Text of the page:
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Publication numberUS5680165 A
Publication typeGrant
Application numberUS 08/467,897
Publication dateOct 21, 1997
Filing dateJun 6, 1995
Priority dateOct 25, 1991
Fee statusPaid
Publication number08467897, 467897, US 5680165 A, US 5680165A, US-A-5680165, US5680165 A, US5680165A
InventorsYoshihisa Takizawa, Katsuhiro Shirota, Hisao Yaegashi
Original AssigneeCanon Kabushiki Kaisha
Export CitationBiBTeX, EndNote, RefMan
External Links: USPTO, USPTO Assignment, Espacenet
Jet recording method
US 5680165 A
Abstract
In a jet recording method, a normally solid recording material is placed in a heat-melted state in a path defined by a nozzle leading to an ejection outlet and, in a recording step, is imparted with a thermal energy corresponding to a recording signal to generate a bubble, thus ejecting a droplet of the recording material out of the ejection outlet. As an improvement, prior to the recording step, the recording material is sucked or pressurized to be ejected out of the ejection outlet and, in the recording step, the bubble is communicated with ambience. As a result, the recording is started or resumed without discharge failure even after a long time of non-use or standing state.
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Claims(7)
What is claimed is:
1. A jet recording method, comprising:
a preliminary step of placing a normally solid recording material in a heat-melted state in a path defined by a nozzle leading to an ejection outlet and in a tank communicatively connected with the nozzle, and
a recording step of imparting a thermal energy corresponding to a recording signal to the melted recording material to generate a bubble, thereby ejecting a droplet of the recording material out of the ejection outlet by an action of the bubble;
wherein, prior to the recording step, the recording material is ejected out of the election outlet by sucking the recording material in the nozzle or pressurizing the recording material in the tank while the election outlet does not face the recording medium and, in the recording step, the bubble is communicated with ambience.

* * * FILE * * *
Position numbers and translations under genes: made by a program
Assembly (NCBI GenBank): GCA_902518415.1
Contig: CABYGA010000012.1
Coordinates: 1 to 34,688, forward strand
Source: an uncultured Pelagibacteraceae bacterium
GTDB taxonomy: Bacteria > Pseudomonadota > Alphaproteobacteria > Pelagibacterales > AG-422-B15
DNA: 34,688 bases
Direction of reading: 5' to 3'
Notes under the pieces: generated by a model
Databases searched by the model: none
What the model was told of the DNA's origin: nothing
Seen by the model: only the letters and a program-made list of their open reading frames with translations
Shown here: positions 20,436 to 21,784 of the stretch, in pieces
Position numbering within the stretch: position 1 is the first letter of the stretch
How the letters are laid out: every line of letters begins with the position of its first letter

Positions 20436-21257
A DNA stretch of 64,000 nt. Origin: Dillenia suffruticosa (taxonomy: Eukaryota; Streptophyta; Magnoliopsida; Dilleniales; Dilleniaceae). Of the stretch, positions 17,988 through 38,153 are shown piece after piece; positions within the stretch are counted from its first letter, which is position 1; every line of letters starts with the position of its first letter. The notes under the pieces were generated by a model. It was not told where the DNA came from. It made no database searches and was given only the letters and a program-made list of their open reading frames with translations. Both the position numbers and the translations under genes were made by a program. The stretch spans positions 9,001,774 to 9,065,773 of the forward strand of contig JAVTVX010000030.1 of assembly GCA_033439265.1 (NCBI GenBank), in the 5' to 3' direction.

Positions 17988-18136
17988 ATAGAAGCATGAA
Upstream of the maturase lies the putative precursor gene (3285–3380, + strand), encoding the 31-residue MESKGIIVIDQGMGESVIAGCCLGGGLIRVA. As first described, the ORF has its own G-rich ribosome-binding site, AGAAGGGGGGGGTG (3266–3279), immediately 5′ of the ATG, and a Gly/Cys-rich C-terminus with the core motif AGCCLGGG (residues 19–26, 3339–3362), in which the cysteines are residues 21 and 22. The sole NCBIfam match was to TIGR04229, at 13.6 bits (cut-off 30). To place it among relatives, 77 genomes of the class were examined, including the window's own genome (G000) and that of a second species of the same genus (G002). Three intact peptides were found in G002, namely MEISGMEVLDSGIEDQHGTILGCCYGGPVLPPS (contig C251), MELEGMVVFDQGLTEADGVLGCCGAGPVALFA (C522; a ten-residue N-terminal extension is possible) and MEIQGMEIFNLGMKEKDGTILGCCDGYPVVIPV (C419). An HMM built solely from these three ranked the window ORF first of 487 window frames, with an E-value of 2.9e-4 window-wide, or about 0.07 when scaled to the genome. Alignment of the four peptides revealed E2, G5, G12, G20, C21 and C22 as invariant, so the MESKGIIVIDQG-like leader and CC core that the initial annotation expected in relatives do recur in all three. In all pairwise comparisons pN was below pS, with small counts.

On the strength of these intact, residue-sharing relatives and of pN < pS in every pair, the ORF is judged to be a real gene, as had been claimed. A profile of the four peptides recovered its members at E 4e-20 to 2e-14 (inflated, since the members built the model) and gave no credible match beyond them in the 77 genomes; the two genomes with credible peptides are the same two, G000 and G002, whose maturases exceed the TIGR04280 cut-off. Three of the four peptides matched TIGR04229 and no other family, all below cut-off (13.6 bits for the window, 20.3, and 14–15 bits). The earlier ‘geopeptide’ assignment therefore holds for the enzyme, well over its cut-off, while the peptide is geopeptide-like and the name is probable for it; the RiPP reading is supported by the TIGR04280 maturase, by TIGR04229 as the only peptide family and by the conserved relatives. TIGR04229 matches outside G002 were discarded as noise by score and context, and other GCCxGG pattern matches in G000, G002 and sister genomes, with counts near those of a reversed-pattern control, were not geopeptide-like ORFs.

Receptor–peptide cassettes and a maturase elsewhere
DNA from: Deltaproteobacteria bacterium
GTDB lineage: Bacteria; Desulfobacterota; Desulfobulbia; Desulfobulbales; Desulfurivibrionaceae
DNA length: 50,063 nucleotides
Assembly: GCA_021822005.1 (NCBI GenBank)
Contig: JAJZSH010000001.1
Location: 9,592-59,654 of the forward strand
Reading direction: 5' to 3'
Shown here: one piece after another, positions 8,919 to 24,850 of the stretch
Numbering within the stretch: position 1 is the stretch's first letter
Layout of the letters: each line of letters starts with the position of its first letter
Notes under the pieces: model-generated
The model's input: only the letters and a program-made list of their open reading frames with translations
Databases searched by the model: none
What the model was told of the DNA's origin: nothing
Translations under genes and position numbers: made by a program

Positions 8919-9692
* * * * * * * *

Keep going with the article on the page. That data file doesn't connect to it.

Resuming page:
2. A method according to claim 1, wherein the bubble communicates with the ambience having an ambient pressure when the bubble has an internal pressure not higher than said ambient pressure.
3. A method according to claim 1, wherein a portion of the recording material ejected out of the ejection outlet by the suction or pressurization is blown off by an air stream.
4. A method according to claim 1, wherein said ejection outlet formed within a recording head is covered with a cap when it is in a standby state prior to the recording step.
5. A method according to claim 1, wherein said recording material is held in a heat-melted state at a temperature which is lower than that in the recording step.
6. A method according to claim 1, wherein said recording material is placed in a heat-melted state by causing and propagating the heat-melting of the recording material from the ejection outlet in a direction of leaving away from the ejection outlet.
7. A method according to claim 1, wherein, after the recording step, said recording material is solidified in a path which starts at a point remote from the ejection outlet and continues in a direction toward the ejection outlet.
Description